Rick Reynolds, LCSW
by Rick Reynolds, LCSW
Founder & President, Affair Recovery

Handling Betrayal

Years ago, as a younger man, a single event radically altered my life. Returning home for the summer, I discovered that three years away at college had radically curtailed my circle of friends in my hometown. Making the effort to reconnect with old childhood friends seemed like a plan. My friends met my spontaneous outing enthusiastically and a good time was had by all out at the lake. But that night everything changed. I had gone home with one of my best friends growing up to crash for the n…
To continue reading, please purchase a subscription to the Recovery Library.
Gain unlimited access to over 1,800 articles and expert Q&A videos.
Already a Recovery Library member? Log in to read the full article.



RL_Media Type: 

So true... even after healing has begun.

Rick & community:  I wanted to share with you how helpful your newsletters & articles are.  I'm the betrayed spouse (I believe we're both the hurt spouse) and I was fortunate to trust in our vows and our love beyond that pain.  We'd been married about 3 1/2 yrs.  Discovery was St. Patrick's Day 2011 and it wasn't until July that my husband truly ended it with his partner.  They did not see each other for those months after discovery, but texting continued.. at an astonishing rate.  We tried therapy but it was too soon- My husband thought the counselor would make me understand that he didn’t love me anylonger.  She told us we were not ready for counseling; That individual counseling may help.  Months later, in early August, we began couple's counseling with a different psychologist who was much more direct.  He immediately stressed the importance of openness & of the full discovery... being willing to be open and relive what my husband hated having done, reliving it enough to answer my on-going questions although it was the thing he wanted to move past & forget most in this world.  As our therapist told my husband, "She needs to know what she's forgiving you for..." 

Well, we are now in a place so much better than where we were- We've become the couple our vows were written for... We haven't been this open and engaged since before we were married.  I'm not saying the healing is over--- not by a longshot!  I'm in individual therapy for the triggers and continued fear of trusting.  I grew-up in a very loving home with no reason to ever not trust those I loved, so I was destroyed by that break of trust--- from a man I'd have sworn had never lied to me in the 7 yrs we'd known one another.  It was a true trauma- and that is exactly how my therapist has treated me... for PTSD.  Also, I needed to learn that trust is not something you decide to give to someone and life goes on... Oh, no... I needed to realize my choice to trust my husband (and my own ability to trust I know what's best for me) was something I would need to do daily.  -Frequently, several times a day.  That seems like something so small, but it was (and still is) so foreign to me.  I believe healing will be ongoing… it will be a part of our daily life for many months (years?) to come… but we will be better for it.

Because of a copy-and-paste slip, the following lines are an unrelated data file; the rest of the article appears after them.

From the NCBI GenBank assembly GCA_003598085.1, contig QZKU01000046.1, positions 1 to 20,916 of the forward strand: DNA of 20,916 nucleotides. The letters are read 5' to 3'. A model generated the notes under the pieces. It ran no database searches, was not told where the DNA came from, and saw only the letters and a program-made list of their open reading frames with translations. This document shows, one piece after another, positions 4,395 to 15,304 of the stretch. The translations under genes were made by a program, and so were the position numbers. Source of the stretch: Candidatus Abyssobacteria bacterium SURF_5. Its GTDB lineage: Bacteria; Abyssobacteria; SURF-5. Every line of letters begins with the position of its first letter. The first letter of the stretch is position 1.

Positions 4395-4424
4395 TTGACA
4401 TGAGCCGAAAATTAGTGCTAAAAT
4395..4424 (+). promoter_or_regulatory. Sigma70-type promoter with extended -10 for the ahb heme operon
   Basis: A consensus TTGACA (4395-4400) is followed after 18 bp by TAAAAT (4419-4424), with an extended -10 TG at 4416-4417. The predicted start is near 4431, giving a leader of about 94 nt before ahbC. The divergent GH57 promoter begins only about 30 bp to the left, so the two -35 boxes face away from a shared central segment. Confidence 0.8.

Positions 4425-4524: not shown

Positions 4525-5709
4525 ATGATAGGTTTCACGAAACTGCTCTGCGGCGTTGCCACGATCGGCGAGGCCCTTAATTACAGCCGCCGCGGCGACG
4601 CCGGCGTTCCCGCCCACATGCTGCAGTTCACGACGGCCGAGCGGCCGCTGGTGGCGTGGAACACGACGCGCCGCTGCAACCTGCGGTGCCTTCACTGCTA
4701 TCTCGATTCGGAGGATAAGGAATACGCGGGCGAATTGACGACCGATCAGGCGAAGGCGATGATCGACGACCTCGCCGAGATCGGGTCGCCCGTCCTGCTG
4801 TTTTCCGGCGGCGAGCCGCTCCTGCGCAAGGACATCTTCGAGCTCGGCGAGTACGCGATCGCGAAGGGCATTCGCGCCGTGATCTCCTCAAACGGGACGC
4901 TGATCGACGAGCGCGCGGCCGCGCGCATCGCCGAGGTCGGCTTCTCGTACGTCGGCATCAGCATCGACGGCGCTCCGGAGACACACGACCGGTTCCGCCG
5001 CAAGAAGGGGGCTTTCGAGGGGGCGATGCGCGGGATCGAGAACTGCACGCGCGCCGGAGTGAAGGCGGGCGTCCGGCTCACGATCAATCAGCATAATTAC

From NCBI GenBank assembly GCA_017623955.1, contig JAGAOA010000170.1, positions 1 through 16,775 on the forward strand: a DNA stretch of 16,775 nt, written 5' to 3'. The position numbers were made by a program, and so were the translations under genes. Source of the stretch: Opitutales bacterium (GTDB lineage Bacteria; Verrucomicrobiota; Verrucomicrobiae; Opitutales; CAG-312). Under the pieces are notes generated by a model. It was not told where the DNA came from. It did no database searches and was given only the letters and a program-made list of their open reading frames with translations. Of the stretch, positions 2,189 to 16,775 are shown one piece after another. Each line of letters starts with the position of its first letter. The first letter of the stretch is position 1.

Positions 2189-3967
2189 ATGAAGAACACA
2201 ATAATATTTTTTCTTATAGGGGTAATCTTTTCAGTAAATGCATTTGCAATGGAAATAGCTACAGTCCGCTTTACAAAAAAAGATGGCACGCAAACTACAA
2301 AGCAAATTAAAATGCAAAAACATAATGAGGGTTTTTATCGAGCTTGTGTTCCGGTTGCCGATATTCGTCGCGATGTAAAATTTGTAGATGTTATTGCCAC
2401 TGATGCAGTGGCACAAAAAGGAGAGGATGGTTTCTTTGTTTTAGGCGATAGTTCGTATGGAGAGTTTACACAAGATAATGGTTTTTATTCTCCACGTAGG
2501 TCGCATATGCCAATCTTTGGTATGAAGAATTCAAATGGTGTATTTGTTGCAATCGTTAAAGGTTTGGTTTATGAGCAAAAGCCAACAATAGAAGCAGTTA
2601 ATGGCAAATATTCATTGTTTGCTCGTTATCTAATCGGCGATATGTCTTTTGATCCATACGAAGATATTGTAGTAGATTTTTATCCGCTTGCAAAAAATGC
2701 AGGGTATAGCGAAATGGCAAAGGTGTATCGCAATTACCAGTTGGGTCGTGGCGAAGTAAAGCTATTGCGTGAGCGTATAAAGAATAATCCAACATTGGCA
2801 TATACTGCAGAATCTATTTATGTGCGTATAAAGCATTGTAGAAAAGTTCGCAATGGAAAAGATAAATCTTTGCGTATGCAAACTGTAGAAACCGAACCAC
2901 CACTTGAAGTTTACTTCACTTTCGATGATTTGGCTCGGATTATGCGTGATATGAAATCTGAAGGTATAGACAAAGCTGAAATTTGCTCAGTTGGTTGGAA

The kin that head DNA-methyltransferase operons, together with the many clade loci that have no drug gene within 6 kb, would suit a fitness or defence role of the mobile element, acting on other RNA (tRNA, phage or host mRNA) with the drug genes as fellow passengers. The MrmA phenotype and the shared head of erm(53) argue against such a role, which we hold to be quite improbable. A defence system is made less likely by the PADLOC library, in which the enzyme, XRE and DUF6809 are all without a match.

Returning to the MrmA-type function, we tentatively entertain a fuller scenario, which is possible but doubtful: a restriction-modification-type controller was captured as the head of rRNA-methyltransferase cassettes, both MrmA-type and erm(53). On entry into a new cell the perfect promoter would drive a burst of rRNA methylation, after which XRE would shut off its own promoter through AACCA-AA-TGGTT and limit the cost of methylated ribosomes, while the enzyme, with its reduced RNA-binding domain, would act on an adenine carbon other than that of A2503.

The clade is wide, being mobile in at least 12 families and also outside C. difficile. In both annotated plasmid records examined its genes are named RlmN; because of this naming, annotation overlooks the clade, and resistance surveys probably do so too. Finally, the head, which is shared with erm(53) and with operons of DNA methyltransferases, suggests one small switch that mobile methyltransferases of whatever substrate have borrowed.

I found Affair Recovery late last year and although we had been in therapy and made wonderful strides in healing, your weekly mailings & articles have been extremely validating… exactly for the reason mentioned here- the community.  I’ve never spoken with anyone here, but just knowing Rick was helping so many through what we were working through was comforting.  I would tear-up weekly while reading the articles because my feelings and experiences were articulated so well right in front of me.  I also shared these with my husband- especially the ones about the hurt spouse’s healing.  One obstacle my husband faced was that he doubted he could forgive himself for what he had done, ie. his affair, but more so for what he had done to me.  He knew what I was going through, but those emails helped him understand that I was not alone; therefore, he was not alone.  He was not the only person on Earth who had so severly hurt someone he loved.  I know this was a huge instrument to his healing.

I wish I had known about AR for all the available support when discovery first happened. I was able to hold-on, but I know it would have been easier with this community.


The problem is when you don't have a close friend that has been through it or if they have, they don't want to just listen, they want to tell you that you should handle everything just the way they did and keep comparing their situation to yours, like it's a competition or something. Acquaintances don't want to talk about something so personal. In my area there are not support groups and I don't have faith in most ministers because I see how they act when they are not behind the pulpit. I am isolated. I am depressed. I am humiliated that this happened to me and don't want people to know.

What type of affair was it?

Our free Affair Analyzer provides you with insights about your unique situation and gives you a personalized plan of action.
Take the Affair Analyzer

Free Surviving Infidelity Bootcamp

Our experts designed this step-by-step guide to help you survive infidelity. Be intentional with your healing with this free 7-day bootcamp.
I would highly recommend giving this a try.
-D, Texas